"It was close," said Lawrence McGuggins, who has known and coached Ebanks since he was seven years old. "I think the edge might have been a little bit in what he was looking for. He wanted the chance for playing time, and the chance to be a focal point of a team. It was much the same as what is was at Indiana."
Ebanks, who originally committed to the Hoosiers, decommitted from that school after the departure of Kelvin Sampson due to NCAA violations. He then undertook a four-team tour, traveling to West Virginia, Texas, Rutgers and Memphis before choosing the Mountaineers on Sunday.
The New York native, who played at Thomas More School in Connecticut, is a Scout.com five-star prospect who was rated as the number four small forward in the country. However, he could play any number of positions, according to McGuggins.
"He could go anywhere from a one to a four," McGuggins noted. "He just has the natural skills to play any of them. He shoots the ball well, and handles it well. He's probably more like a two or a three, but he could play any of them."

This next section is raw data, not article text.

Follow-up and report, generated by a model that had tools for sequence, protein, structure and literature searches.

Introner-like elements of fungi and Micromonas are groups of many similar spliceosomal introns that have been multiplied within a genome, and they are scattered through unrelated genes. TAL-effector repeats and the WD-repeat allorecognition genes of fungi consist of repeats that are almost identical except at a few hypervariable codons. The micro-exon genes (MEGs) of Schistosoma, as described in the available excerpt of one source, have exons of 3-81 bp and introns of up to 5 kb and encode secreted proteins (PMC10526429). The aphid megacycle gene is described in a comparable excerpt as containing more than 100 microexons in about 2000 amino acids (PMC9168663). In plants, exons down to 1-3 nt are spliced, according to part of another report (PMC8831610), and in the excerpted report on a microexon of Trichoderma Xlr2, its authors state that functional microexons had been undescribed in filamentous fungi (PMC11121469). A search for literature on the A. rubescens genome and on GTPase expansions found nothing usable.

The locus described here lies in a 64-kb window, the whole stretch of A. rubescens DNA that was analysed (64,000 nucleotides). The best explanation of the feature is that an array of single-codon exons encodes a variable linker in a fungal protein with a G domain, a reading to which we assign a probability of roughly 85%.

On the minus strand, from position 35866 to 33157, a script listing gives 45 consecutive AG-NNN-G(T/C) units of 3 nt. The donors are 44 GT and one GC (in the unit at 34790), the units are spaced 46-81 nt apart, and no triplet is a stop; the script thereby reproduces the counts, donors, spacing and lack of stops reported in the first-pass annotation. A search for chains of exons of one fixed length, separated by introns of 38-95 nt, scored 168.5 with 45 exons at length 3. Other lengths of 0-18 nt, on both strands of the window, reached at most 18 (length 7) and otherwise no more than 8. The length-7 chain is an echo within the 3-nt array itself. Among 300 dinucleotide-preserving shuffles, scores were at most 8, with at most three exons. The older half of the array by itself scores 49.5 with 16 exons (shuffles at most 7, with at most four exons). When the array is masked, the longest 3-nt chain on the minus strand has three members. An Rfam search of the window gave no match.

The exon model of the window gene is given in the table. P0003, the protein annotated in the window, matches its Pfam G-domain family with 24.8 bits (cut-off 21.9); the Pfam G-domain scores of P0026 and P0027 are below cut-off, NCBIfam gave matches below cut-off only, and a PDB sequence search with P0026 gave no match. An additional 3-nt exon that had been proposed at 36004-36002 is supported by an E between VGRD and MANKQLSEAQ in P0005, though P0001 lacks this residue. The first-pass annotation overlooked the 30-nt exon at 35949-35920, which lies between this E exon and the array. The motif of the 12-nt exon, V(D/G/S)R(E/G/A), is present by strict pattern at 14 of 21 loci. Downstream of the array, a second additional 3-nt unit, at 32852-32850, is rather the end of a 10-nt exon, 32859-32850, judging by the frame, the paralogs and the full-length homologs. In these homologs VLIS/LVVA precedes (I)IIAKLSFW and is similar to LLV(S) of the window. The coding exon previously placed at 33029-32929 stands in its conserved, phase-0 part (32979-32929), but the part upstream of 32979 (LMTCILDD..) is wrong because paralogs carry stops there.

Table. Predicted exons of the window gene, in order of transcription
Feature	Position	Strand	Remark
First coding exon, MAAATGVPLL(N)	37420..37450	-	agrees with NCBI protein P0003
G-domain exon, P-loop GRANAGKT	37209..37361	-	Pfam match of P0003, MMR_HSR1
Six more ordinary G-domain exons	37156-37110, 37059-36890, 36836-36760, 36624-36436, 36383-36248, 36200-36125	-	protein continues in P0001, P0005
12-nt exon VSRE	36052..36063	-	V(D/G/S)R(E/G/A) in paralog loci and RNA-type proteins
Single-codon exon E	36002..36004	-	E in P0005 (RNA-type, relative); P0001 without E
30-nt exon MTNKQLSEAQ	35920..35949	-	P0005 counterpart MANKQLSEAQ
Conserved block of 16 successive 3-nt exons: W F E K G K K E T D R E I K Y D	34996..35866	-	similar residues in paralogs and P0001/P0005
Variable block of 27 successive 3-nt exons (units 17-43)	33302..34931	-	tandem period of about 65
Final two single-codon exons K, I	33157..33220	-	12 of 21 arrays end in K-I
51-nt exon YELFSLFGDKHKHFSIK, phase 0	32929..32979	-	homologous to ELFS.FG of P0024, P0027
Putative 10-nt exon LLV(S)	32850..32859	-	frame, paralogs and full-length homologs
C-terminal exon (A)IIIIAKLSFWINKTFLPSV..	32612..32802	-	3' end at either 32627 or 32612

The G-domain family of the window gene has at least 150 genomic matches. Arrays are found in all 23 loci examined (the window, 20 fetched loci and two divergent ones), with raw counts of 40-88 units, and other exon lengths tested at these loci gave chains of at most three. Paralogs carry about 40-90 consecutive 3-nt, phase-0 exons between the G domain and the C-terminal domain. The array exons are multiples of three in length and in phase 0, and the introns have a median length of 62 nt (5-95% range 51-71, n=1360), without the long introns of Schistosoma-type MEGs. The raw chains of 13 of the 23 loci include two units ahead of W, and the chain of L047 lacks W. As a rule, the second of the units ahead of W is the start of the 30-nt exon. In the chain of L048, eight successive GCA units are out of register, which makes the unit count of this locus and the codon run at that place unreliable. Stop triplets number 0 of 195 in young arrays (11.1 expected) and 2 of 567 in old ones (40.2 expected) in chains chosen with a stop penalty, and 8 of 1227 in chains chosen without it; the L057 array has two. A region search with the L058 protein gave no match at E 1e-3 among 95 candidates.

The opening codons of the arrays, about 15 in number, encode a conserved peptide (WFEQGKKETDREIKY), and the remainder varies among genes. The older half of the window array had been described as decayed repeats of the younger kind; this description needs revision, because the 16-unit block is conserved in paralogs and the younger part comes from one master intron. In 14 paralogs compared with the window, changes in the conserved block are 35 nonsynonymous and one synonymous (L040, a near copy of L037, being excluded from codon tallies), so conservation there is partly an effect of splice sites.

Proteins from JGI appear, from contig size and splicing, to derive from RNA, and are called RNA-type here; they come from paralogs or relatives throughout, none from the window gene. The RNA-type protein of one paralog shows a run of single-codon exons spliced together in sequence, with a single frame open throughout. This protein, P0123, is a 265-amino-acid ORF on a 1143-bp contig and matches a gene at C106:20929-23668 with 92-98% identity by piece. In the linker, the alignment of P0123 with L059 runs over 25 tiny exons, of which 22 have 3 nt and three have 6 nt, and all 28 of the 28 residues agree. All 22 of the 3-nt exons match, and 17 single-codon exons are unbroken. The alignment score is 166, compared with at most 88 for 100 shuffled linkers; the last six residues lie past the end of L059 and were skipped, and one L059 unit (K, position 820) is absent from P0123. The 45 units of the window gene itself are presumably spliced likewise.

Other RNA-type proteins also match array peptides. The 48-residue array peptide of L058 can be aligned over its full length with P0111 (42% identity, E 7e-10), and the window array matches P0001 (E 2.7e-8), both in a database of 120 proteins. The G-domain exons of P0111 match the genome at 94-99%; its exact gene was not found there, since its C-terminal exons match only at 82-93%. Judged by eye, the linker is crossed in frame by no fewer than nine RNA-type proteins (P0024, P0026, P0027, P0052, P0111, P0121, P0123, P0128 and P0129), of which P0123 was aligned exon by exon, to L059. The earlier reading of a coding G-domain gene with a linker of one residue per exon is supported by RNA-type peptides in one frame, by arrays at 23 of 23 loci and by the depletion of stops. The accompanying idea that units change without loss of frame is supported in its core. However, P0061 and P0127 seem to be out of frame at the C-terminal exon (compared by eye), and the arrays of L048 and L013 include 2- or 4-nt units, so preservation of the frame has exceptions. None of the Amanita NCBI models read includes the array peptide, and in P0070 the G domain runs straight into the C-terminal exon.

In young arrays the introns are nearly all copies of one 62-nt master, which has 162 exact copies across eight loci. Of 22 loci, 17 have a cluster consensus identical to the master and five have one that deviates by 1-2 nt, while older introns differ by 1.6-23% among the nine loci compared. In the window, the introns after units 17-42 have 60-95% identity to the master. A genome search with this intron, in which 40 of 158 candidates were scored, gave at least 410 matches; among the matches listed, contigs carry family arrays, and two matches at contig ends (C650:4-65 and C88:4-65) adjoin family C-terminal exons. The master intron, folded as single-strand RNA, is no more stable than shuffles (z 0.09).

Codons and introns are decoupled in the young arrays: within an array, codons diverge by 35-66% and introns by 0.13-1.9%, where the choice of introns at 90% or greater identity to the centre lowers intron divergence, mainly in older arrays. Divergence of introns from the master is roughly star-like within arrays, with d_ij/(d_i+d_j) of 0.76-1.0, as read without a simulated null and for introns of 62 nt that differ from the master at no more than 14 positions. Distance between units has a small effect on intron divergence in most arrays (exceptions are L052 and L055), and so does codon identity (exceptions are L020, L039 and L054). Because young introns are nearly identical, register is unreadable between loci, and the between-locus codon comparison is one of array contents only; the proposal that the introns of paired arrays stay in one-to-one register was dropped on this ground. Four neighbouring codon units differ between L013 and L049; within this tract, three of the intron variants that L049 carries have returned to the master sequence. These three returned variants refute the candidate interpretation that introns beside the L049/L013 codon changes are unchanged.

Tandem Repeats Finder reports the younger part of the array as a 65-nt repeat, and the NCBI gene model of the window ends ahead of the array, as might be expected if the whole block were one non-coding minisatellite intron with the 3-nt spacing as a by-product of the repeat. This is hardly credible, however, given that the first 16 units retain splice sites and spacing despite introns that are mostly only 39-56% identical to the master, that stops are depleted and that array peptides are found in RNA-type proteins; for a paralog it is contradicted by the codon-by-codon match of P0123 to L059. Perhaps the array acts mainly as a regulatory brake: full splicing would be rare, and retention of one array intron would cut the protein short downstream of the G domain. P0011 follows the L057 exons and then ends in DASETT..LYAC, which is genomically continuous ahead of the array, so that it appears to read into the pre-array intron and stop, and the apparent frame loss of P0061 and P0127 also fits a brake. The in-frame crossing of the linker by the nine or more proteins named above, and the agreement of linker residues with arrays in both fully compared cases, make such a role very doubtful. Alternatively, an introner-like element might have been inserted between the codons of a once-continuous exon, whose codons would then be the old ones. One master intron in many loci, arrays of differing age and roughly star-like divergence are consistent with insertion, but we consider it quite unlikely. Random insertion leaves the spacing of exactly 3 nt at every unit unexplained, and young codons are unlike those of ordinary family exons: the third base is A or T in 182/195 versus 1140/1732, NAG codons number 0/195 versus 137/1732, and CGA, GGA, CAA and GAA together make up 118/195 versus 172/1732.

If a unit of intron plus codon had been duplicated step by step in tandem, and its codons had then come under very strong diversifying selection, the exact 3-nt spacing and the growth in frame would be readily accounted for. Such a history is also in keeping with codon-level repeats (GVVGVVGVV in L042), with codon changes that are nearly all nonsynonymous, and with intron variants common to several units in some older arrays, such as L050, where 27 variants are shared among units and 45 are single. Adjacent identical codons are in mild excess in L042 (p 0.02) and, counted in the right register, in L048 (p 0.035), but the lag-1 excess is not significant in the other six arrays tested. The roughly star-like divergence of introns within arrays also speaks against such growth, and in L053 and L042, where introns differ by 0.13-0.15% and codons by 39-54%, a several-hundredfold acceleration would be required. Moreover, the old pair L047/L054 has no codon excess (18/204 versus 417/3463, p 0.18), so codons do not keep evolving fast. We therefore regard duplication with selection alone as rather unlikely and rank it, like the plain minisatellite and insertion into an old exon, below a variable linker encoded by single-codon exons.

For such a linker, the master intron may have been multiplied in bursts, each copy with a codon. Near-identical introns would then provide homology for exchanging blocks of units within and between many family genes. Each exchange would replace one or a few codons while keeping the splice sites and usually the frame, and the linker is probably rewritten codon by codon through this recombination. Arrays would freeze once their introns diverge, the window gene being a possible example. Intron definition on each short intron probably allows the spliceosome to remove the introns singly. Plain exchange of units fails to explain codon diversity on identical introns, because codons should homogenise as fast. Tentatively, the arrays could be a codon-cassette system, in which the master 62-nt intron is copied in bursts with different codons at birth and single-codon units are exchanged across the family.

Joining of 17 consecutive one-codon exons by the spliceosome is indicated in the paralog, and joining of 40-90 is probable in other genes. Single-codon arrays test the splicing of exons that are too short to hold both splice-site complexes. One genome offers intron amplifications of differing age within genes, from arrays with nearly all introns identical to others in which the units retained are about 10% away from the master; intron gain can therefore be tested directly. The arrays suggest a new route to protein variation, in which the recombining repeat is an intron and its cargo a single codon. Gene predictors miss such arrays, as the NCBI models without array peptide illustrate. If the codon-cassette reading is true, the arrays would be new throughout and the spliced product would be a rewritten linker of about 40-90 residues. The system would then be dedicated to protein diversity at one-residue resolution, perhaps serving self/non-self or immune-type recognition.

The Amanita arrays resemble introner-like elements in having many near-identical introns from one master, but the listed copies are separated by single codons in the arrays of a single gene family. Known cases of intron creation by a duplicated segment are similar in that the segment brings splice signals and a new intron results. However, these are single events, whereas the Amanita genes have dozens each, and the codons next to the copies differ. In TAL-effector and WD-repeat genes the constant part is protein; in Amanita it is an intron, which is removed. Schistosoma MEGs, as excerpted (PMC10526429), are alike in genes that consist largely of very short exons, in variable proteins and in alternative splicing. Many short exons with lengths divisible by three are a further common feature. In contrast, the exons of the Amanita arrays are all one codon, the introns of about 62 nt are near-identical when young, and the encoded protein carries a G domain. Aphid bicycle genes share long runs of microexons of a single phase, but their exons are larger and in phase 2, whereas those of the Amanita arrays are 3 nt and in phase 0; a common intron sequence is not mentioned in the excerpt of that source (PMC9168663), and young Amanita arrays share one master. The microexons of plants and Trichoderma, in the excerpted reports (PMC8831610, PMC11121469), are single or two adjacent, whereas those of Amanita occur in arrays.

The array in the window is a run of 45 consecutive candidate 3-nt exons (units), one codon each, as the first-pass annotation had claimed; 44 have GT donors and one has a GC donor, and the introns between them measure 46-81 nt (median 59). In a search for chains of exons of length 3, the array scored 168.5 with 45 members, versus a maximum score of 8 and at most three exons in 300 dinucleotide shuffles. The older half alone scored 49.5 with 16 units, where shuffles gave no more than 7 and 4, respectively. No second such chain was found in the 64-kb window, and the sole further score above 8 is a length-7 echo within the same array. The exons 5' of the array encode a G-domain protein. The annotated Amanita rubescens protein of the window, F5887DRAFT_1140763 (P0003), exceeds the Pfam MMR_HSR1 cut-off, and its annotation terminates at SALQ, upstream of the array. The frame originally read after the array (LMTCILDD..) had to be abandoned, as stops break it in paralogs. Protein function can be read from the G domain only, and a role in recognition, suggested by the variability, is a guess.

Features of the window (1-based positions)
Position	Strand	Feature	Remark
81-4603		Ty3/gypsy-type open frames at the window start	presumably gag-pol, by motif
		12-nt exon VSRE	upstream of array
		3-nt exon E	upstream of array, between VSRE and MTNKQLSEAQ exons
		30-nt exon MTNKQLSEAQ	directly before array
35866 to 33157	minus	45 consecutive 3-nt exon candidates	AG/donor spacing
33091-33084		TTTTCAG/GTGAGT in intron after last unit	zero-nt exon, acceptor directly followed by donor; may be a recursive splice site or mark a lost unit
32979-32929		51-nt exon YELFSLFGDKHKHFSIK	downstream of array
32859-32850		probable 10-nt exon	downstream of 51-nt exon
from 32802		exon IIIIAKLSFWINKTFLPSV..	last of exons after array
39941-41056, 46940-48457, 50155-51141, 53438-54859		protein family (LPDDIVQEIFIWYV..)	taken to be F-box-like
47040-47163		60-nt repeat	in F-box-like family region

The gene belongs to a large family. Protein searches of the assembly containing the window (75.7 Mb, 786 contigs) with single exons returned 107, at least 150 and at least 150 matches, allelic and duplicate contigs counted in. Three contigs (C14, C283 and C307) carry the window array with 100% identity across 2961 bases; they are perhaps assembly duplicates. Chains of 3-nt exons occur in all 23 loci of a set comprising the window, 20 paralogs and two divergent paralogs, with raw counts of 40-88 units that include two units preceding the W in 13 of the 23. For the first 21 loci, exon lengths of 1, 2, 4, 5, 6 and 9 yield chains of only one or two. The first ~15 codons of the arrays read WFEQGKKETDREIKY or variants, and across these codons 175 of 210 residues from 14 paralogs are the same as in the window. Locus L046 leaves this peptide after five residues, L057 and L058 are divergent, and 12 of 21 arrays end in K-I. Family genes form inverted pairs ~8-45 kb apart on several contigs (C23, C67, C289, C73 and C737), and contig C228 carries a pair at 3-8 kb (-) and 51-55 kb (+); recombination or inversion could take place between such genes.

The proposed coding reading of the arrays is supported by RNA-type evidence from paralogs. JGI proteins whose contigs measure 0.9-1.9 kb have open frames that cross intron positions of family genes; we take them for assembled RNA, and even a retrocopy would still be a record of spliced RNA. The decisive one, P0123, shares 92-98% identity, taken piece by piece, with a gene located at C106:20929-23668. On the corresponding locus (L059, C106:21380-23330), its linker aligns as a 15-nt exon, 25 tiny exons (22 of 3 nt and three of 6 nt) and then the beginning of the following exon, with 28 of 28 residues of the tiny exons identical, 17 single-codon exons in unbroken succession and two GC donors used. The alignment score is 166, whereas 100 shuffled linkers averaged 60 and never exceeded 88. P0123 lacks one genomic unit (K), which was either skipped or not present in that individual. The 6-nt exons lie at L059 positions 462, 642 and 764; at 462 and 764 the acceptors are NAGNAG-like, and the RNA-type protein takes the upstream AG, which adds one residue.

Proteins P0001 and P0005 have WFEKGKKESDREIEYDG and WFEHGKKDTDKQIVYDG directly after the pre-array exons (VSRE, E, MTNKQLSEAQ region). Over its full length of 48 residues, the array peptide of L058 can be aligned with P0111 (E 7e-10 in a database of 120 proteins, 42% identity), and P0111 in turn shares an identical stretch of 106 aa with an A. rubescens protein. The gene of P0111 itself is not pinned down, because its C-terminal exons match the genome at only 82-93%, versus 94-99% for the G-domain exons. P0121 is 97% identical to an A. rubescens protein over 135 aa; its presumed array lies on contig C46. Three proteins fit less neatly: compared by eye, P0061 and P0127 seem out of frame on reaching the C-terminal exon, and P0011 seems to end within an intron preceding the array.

As a national-level prospect that has been in the spotlight for a long time, Ebanks likely won't feel any pressure to perform right off the bat, even though all eyes will certainly be on him when WVU begins practice this fall. Or, at least in the opinion of his coach, he won't be bothered by it.
"Hands down, I think he can go in and [perform]," McGuggins said. "He just has an offensive knack. He can score around the basket, he can shoot from the outside, and he has the handle on the ball to drive to the hoop. To me, he's like a Rudy Gay or a Kevin Durant. He's just a very skilled player who causes problems with his size and his ability."
Although McGuggins spotted Ebanks' talent early on, he didn't anticipate that he'd reach these heights.
"I never knew he'd be 6-9," McGuggins said. "I knew he would be a high major, but never knew how good he was going to be. He showed a lot of perimeter skills, and that is something that we emphasize in our program. We train them on how to play on the perimeter. Other people might have stuck him down low, because of his height, and he might never have reached his potential. But we work on perimeter play with everyone, and give them drills to work on on their own."